And while that may partly explain improved productivity, it doesn’t appear to lead to isolation.
Enterprise social networks such as Slack keep distributed or remote workers connected to relevant workflows without the need for time-consuming emails and physical meetings, and video-conferencing allows them to stay connected not just for professional purposes but to develop and maintain social contact with colleagues too.
Is remote working right for my business?
A ‘work anywhere’ culture isn’t viable for every organisation across the board, but where it is possible, with careful management of the potential downsides and a structured approach to its implementation, remote working can deliver a significant improvement in employee health and well-being, productivity, absenteeism, staff retention and overheads, as well as access to a much larger talent pool.
With that in mind, is it time to start sending your employees home?
Neil Petch actively assists over 300 entrepreneurs and startups to conceive, plan, and build their businesses on a monthly basis.
After launching Virtuzone as the first private company formation business in the region over 10 years ago, Neil has led the company to set up more than 16,000 businesses, making it the largest, fastest-growing and best-known setup operator in the Middle East.
As the chairman of the holding company, Virtugroup, Neil also leads VirtuVest, an in-house angel investment vehicle; Virtuzone Mainland, a provider of directorship services, corporate sponsorship and facilitator of local Dubai and Abu Dhabi company setups; and Next Generation Equity, a citizenship-by-investment firm. Virtugroup has invested in and supported the growth of multiple companies and delivered passports in over 10 different jurisdictions. Virtugroup also enjoys partnerships with Dubai FDI, the Chamber of Commerce, Dubai Holdings (ARN), VFS, Regus, Etisalat, KPMG, Aramex and Beehive, and has received awards from Arabian Business and Entrepreneur Magazine, among others.
In addition to starting up businesses, Neil has held leadership roles in several companies. He helped establish ITP, the largest media publishing house in the Gulf, which he oversaw growing from two to 600 employees. At ITP, he spearheaded the launch of over 60 digital and print titles, including Time Out, Harper’s Bazaar, Arabian Business, Ahlan and Grazia.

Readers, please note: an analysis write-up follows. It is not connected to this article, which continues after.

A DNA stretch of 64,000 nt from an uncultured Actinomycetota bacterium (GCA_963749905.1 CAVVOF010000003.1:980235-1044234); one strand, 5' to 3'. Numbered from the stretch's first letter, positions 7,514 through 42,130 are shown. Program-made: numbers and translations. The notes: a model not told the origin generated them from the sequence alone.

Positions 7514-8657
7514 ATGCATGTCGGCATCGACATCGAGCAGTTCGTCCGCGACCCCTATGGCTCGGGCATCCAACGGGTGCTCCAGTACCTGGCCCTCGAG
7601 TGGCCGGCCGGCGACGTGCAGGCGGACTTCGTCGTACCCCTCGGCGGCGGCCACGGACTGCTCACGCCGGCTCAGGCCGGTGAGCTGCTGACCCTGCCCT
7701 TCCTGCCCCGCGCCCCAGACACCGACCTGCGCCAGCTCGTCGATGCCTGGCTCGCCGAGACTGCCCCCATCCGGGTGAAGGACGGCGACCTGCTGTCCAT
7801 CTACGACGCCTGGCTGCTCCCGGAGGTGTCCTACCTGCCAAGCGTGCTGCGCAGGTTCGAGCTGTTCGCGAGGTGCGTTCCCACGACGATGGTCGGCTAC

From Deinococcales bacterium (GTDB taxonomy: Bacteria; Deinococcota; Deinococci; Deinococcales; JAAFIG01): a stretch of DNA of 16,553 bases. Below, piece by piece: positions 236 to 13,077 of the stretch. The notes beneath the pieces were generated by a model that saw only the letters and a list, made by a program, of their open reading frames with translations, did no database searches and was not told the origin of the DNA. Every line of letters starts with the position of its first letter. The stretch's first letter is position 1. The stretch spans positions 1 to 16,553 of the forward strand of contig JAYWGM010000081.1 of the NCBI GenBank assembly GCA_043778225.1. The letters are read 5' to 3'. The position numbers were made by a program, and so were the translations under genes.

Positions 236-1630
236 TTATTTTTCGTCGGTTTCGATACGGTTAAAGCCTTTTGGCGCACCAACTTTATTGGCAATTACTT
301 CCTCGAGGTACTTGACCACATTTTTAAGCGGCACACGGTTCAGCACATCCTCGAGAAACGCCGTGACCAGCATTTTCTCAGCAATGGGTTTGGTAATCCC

As Managing Director of ENG Media, Neil launched the Coast FM radio station and numerous magazines, including MediaWeek. For the last seven years, Neil has also served as Chairman of GMG, the world’s first interbank financial brokerage based out of Dubai, with offices in DIFC and London. Due to his extensive knowledge and expertise, Neil has been appointed a member of the ‘Ease of Banking’ panel organised by the Chamber of Commerce.
Having lived in over a dozen countries and with a career spanning over 25 years in the UAE, Neil has the ability to merge astute cultural insight with fresh thinking, leveraging his seasoned business acumen, intuition and black book to repeatedly bring ideas to living, breathing success stories.
Neil has appeared in BBC (Dubai Dreams) and ITV (Piers Morgan) features on Dubai, as well as programmes on BBC World and Sky. He has participated as a judge on the radio programme Falcons’ Lair, an entrepreneurship reality show loosely based on the BBC production Dragons’ Den, as well as a similar TV competition hosted by MAD Talks. He now hosts Starting Up on Dubai Eye 103.8FM, the only national weekly show for the startup community in the world’s startup capital.
Neil also lends his in-depth market insight to fellow entrepreneurs and helps cultivate Public Private Partnerships as a Task Force Member of the Advisory Council, a coalition of key decision-makers and prominent movers of the UAE business landscape, led by EMIR and the Ministry of Economy.
He is also a regular speaker, panelist, and economic commentator, specialising in the SME sector.